She will then “listen” to her thoughts and discover deeper levels inside herself: ” I feel she looks down on me, underestimates my skill and understanding – and I can’t take that!” Then, with help of Hashem, she will try to pinpoint the source of the problem: “I really shouldn’t care so much what others think about me. You, Ribono shel Olam, know me best, and You know the truth. What do I care what my neighbor thinks about me?” With this new awareness, she will be able to change her inner reaction to her neighbor’s criticism, and thus reach true repentance.

This is an English translation of the chapter Aseres Yemei Teshuvah from the sefer Oscha Avakeish – taken from the shiurim of Harav Avraham Tzvi Kluger, shlit”a. The Hebrew sefer was published by Mechon Pe’eir Yisrael, Beis Hamidrash Nezer Yisrael, Beis Shemesh.

Other Topics
The pamphlet has discussions of Rav Nachman’s teachings on repentance and a nice write up of the Breslov customs for Elul from Dovid Sears. The essay by Nisson Dovid Kivak, and important Breslov teacher of the aforementioned new Hardi Hasidim was not appropriate for an excerpt. But the pamphlet has a great piece by Rabbi Elazar Mordechai Kenig from Breslov of Tzfat, an important voice of 21st century Breslov.


TESHUVA AND DESIRE –Elazar Mordechai Kenig
The foundation of our Divine service is ratzon/desire. Our ratzon/desire to come close to G-d and to please Him should always be strong. It may be the case that in general we desire to do what G-d asks of us and yet one should know that not all desires are equal. In a matter of a few minutes, we may experience tremendous differences and distinctions in our ratzon/desire. Nonetheless, the guiding principle is constantly to desire and yearn for G-d.

Reb Noson says that it is impossible to describe in writing the greatness of our ratzon and yearning to do the Will of G-d. He explains that the entire reason the soul is compelled to descend from the upper worlds into this physical world is only for the sake of ratzon. Only here can we merit to attain complete and perfect desire for HaShem and His Torah.

Moreover, without material desires, we would be overwhelmed by our innate desire for G-d – we wouldn’t want to be here at all. The desire of the soul to return to her source is so all-consuming that existence within a body would be impossible even for a short time. Therefore, G-d created us with a need to sustain ourselves through eating and drinking. This allows the soul to exist in the body, despite its innate and intense desire for G-d.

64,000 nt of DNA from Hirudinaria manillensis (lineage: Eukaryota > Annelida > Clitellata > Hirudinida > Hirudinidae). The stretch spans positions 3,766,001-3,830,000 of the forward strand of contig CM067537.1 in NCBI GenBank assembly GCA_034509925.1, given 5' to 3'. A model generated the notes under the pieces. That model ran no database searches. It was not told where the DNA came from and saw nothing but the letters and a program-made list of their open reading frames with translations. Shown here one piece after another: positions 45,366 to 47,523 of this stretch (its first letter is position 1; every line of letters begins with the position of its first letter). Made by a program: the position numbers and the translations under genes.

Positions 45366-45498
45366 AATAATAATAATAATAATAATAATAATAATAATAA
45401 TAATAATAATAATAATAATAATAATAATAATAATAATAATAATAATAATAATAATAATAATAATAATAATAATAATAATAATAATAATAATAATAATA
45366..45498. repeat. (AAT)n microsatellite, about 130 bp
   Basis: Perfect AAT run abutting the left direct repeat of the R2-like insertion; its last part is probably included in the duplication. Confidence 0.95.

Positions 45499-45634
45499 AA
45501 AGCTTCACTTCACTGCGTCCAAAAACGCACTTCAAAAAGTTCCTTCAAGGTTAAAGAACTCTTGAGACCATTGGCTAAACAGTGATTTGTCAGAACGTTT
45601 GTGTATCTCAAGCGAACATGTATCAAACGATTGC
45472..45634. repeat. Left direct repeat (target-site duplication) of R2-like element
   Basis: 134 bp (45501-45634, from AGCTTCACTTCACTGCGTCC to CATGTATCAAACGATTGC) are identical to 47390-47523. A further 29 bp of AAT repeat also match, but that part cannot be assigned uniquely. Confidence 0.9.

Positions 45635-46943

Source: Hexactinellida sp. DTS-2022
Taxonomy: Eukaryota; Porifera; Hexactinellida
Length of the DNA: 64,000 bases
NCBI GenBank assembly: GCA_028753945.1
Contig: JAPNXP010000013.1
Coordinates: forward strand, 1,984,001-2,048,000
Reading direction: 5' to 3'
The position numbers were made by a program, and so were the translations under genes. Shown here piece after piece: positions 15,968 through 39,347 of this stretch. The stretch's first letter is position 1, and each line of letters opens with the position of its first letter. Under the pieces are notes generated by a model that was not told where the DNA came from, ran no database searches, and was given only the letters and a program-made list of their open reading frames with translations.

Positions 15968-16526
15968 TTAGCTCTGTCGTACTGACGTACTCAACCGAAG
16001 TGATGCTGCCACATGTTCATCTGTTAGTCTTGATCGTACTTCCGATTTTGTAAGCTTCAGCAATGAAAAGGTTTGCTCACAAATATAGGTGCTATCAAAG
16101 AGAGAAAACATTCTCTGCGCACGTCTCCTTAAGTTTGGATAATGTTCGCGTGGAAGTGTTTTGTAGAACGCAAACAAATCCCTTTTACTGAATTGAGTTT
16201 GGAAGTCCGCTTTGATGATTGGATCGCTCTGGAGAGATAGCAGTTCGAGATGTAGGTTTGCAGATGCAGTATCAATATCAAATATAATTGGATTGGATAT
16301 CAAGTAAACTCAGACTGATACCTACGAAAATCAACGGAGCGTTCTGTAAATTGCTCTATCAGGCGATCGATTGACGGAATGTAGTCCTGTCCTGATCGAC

Reb Noson explains that it was out of G-d’s loving-kindness, that He gave us the 613 mitzvos of the Torah. The mitzvos purposefully involve material things. The essence of every mitzvah is that it is an articulation of the Creator’s Will.

Since the 613 mitzvos are an expression of G-d’s chesed, loving kindness, through their observance we can experience G-d’s love and desire for us, His people. In this light, we can understand that the Torah and mitzvos were not given in order to make our lives burdensome. Rather, the opposite is true. We should rejoice in them, since G-d gave them to the Jewish people in order to benefit us.

Therefore, a person needs to be very careful not to fall into selfishness and physical desire. If
he does, he creates a blemish in the Ratzon D’Kedushah, Holy Desire. This is why it is important to make do with a minimum of material things in this world, in order to prevent blemishing Holy Desire. Through simplicity and wholeheartedness, a person can fulfill G-d’s Will even through physical things, by using them according to the laws of the Torah.

Anger, too, flows from one’s blemished desires. When we are worthy to elevate all our desires to G-d’s ratzon, then we live in tranquillity, without anger or jealousy. We know that if G-d wants to give us something, He will give it; if He gives it to someone else, this, too, is His Desire. With this awareness, we can experience all of the other person’s pleasure and happiness without jealousy. Hate, anger, and jealousy all come from blemished desire.

Even when one stumbles by not acting according to G-d’s Desire, there is a spiritual remedy: teshuva -repentance, or return. The first step of teshuva is regret. One realizes that he would have been better off if he had not acted a certain way. He acknowledges that he really has no desire for what he did. Through teshuva, a person can repair anything.

Rebbe Nachman, tells us that it is forbidden to despair. Our misdeeds originated with blemished desire and now through teshuva and increasing our desire we can actually come to an even stronger desire for G-d.